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If you were a wink, I’d be a nod

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A good song from a good movie…to practice (BrE: practise) second conditionals, you know, that kind of ‘if sentence’ we use when we talk about unreal, impossible or hypothetical situations.

If+ the verb in simple past, would/could/might + bare infinitive (a ‘bare infinitive’ is an infinitive without ‘to’). In formal English we say If I/he/she were, instead of ‘was’. However, in common/plain/colloquial English we do use ‘if I was’…Check it out below:

If I was a ____ growing wild and free / All I’d want is you to be my sweet _____ _____ /And if I was a tree growing tall and green / All I’d want is you to shade me and be _____ _____


All I want is you, will you be my _____ / Take me by the hand and stand by my _____ / All I want is you, will you stay with me? / Hold me in your arms and sway me like the _____

If you were a _____ in the mountains tall / The rumble of your water would be my _____ / If you were the _____, I know I’d be the _____ / Just as long as you were with me, let the cold winds blow

If you were a _____, I’d be a _____ / If you were a _____, well I’d be a _____ / If you were the _____, I’d wanna be the _____ / And if you were a _____, I know I’d be a _____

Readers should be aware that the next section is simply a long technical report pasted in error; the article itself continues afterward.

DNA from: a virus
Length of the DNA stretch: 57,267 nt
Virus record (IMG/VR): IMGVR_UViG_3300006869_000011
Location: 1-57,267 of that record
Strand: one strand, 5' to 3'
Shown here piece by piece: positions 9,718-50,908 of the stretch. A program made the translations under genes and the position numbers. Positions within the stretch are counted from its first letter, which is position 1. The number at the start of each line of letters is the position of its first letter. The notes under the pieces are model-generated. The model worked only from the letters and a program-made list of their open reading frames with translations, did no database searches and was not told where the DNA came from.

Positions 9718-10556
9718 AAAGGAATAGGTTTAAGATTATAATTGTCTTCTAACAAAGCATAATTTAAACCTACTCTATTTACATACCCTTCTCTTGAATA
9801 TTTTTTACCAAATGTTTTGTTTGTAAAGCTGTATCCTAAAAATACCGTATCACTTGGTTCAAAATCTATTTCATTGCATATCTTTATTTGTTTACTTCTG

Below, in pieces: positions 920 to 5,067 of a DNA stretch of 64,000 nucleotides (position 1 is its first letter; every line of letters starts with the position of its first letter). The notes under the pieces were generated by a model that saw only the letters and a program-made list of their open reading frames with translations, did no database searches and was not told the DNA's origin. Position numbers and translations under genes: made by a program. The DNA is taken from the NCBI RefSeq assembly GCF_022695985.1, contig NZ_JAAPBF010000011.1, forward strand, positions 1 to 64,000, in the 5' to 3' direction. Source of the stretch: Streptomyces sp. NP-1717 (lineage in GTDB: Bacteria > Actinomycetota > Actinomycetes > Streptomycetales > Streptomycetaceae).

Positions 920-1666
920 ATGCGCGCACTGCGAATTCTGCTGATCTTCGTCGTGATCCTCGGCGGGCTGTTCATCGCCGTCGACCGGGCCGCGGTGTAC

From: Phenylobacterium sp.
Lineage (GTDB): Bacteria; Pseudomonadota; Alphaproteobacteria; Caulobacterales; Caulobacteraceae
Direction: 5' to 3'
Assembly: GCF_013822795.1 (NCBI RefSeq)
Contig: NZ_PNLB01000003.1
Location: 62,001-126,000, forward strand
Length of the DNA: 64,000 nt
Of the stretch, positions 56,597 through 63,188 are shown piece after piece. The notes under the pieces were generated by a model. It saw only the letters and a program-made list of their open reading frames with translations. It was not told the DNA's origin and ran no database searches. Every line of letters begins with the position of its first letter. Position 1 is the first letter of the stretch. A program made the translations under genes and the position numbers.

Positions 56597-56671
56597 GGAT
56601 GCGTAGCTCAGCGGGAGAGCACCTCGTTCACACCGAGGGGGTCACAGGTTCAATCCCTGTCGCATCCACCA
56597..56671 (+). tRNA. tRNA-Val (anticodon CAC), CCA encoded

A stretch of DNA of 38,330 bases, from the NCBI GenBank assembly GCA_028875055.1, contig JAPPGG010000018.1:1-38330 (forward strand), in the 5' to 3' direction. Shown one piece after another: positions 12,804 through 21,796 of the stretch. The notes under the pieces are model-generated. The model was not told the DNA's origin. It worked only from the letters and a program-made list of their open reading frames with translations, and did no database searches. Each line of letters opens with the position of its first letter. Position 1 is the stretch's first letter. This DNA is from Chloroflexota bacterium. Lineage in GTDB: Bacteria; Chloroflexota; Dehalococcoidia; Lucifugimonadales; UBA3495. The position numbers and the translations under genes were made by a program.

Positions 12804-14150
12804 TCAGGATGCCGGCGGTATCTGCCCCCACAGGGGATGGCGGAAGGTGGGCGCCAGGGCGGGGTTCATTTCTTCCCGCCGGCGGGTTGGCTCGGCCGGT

If you were the _____, I’d be the _____ / If you were the _____, I’d be the _____ / If you were a _____, I’d be your _____ / And if you were an _____, I’d learn to _____


Answers here (but don’t cheat)

ARE YOU A TEACHER? Lesson plan here.

Written by ElenaBen

March 24, 2008 at 1:21 pm

Posted in Conditionals

Tagged with ,

In the mix…

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(Ripped, mixed and burned from Englishpage.com)

The types of mixed conditionals we’ve seen in our course:

PAST: If+past perfect

(3rd conditional)

PRESENT: would+ infinitive

(2nd conditional)

With this combination we are talking about how an imagined or real event in the past would affect our present situation.

  • If I had won the lottery, I would be rich.
    But I didn’t win the lottery in the past and I am not rich now.
  • If I had taken French in high school, I would have more job opportunities.
    But I didn’t take French in high school and I don’t have many job opportunities.
  • If she had been born in the United States, she wouldn’t need a visa to work here.
    But she wasn’t born in the United States and she does need a visa now to work here.

PRESENT: If+simple past

(2nd conditional)

PAST: would+have+pp

(3rd conditional)

They refer to an unreal present situation and its probable (but unreal) past result.

  • If I were rich, I would have bought that Ferrari we saw yesterday.
    But I am not currently rich and that is why I didn’t buy the Ferrari yesterday.
  • If Sam spoke Russian, he would have translated the letter for you.
    But Sam doesn’t speak Russian and that is why he didn’t translate the letter.
  • If I didn’t have to work so much, I would have gone to the party last night.
    But I have to work a lot and that is why I didn’t go to the party last night.

A grammar game from the British Council.

Written by ElenaBen

December 9, 2007 at 4:38 pm